Norris said NPR was going to look back at 1968, I cringed...
She interviewed Bruce Schulman, a historian at Boston University. He seems likable enough, but -whew! what a dull assessment of 1968. Schulman and Norris spend a bit of time talking about the assassination of Martin Luther King. He and Morris present the usual whitewashed version of Martin Luther King. Schulman describes King as "the figure who more than any other represented the Utopian idealistic hopes for productive, peaceful change." Fair enough, but you'd never know that King's assassination conveniently occurred just as King was ramping up his radical politics, vigorously attacking not just the Vietnam War, but the violence and exploitation of the whole US capitalist system.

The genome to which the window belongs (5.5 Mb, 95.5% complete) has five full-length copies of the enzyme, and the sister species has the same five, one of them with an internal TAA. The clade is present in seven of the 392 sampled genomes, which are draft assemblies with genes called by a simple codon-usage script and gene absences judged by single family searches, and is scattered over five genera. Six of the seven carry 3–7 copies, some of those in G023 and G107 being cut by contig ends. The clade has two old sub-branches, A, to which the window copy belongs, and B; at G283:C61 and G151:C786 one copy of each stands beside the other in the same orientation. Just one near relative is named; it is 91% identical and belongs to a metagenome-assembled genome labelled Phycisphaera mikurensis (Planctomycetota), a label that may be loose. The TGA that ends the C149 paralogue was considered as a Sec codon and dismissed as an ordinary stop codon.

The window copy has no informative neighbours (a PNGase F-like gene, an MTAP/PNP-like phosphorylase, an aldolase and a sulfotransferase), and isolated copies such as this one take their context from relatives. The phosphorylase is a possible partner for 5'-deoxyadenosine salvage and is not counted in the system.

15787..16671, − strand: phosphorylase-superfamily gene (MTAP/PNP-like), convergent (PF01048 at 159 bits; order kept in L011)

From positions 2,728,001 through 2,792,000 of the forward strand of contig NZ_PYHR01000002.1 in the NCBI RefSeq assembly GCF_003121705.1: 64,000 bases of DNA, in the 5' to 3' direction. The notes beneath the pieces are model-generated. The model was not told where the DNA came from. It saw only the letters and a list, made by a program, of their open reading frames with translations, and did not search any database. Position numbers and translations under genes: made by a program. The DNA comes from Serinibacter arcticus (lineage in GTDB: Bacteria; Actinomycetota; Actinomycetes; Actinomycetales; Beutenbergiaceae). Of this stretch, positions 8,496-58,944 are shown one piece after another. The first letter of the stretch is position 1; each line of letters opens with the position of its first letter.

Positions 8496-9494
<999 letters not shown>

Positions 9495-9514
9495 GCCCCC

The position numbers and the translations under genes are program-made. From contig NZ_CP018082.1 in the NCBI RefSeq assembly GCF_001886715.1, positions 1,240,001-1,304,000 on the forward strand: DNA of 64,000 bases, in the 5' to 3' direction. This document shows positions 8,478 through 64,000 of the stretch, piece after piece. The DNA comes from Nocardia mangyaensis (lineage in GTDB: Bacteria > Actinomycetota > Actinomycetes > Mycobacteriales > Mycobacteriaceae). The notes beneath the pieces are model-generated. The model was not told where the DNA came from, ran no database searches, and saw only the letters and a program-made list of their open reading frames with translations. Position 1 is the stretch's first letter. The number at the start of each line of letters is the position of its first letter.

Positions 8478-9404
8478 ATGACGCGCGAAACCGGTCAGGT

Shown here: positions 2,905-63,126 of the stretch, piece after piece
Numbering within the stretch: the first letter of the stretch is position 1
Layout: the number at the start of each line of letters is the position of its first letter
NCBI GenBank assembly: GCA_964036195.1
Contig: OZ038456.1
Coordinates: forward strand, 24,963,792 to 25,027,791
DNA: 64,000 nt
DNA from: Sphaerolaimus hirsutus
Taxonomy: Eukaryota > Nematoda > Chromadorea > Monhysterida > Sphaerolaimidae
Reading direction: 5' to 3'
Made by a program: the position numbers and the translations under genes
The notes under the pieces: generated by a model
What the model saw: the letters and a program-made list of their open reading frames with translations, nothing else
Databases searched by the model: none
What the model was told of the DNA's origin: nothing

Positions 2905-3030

One can say that NPR's 1968 is a little better than Brokaw's perversions of 1968, but it was notable as much for what was mentioned as what was left out:
Included in NPR's look back was the Tet Offensive, riots in US cities, King's assassination, Robert Kennedy's assassination, Nixon on Laugh-In, and the Black Power salute at the 1968 Olympics.
Just a few minutes of thinking about 1968 brought to mind a few items left out of NPR's retrospective: The My Lai massacre, FBI's targeting of the Black Panthers (and COINTELPRO in general), French student/worker uprising, the Soviet crushing of the Prague Spring, and the Tlateloco Massacre in Mexico.